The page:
LASD: Scudder, Scott not ready for inmates

Los Angeles County Seal.
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Two Saugus camps that are intended to house L.A. County’s violent juvenile offenders would need major security improvements in order to do so, according to a report from the Sheriff’s Department to the Board of Supervisors.  

The sheriff’s review was conducted in response to the plan to bring juvenile offenders to Camp Joseph Scott and Camp Kenyon Scudder in Bouquet Canyon, which were originally designed only to house non-violent offenders. The Santa Clarita City Council has raised concerns about public safety and a lack of community input on the plan, while probation officials say the camps suit the new therapeutic programs they plan to house there. 

In addition to a number of other security problems, the camps have an ease of access to the outside world through a chain-link fence that will allow for passersby to look in on, talk to and even hand contraband off to those inside, the Sheriff’s Department report said.   

The plan, first announced May 27, was met with the ire of community residents, City Council members and Supervisor Kathryn Barger. On Tuesday, City Council members called for city staff to draft a letter expressing their concerns about the plan and objecting to the lack of opportunity for the city and the community to have input on it. 

A number of residents testified at the council meeting Tuesday that they were surprised by the move and concerned about its impacts on public safety, property values and traffic in Bouquet Canyon.  

Officials from the L.A. County Probation Department said questions on why the community was not consulted would need to be directed to the Juvenile Justice Coordinating Council’s Juvenile Justice Realignment Block Grant Ad-Hoc Subcommittee, which developed the plan.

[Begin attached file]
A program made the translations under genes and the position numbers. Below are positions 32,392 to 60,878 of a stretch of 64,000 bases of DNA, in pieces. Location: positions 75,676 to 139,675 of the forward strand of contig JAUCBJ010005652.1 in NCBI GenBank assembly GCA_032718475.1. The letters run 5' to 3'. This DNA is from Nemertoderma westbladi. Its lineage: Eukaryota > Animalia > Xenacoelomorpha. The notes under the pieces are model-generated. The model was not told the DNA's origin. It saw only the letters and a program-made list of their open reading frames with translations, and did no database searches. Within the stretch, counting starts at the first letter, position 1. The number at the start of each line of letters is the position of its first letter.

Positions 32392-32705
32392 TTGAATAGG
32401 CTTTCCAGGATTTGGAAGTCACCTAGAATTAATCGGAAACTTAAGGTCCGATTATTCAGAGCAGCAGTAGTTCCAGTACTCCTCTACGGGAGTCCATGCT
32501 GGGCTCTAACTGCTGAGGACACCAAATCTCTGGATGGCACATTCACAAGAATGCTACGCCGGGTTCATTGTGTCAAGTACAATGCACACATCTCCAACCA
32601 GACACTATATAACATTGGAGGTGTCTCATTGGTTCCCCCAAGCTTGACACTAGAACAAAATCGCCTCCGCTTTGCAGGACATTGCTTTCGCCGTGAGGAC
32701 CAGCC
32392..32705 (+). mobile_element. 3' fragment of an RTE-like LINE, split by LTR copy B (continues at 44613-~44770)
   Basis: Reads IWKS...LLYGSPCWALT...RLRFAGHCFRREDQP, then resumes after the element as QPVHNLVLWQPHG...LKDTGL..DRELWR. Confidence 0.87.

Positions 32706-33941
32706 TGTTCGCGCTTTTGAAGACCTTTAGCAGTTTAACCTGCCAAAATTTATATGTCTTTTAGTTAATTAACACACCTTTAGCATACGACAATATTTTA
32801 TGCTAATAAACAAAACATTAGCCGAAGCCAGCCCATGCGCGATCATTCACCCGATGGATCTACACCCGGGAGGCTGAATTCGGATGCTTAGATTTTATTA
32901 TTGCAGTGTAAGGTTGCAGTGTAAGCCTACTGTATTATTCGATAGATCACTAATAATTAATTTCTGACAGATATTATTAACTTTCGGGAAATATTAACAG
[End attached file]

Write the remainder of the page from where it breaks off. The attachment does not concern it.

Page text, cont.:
A presentation of the draft plan, involving the JJCC’s Community Advisory Committee, is set to take place in a livestreamed meeting 2 p.m. Thursday, June 24. Members of the public are invited to address any agenda item for the meeting by submitting a written request to the Probation Department before the item is called. 

The county Board of Supervisors will make the ultimate decision on whether to follow through with the recommended plan.  

The committee was formed as part of a statewide realignment of the juvenile justice system created by Senate Bills 92 and 823, which ultimately call for the state’s juvenile facilities to be closed by 2023, leaving local jurisdictions responsible for housing youth offenders who previously would have been in state custody. 

Officials from the office of Supervisor Hilda Solis, who sits on both the JJCC and the county Board of Supervisors, did not return requests for comment as of the publication of this story.  

Division of Juvenile Justice (DJJ) youth are currently housed at Barry J. Nidorf Juvenile Hall in Sylmar, pending transfer to the state. As of Wednesday, there are 249 offenders in the county’s Detention Services Bureau at the juvenile hall and 133 in the Residential Treatment Services Bureau’s county-run camps.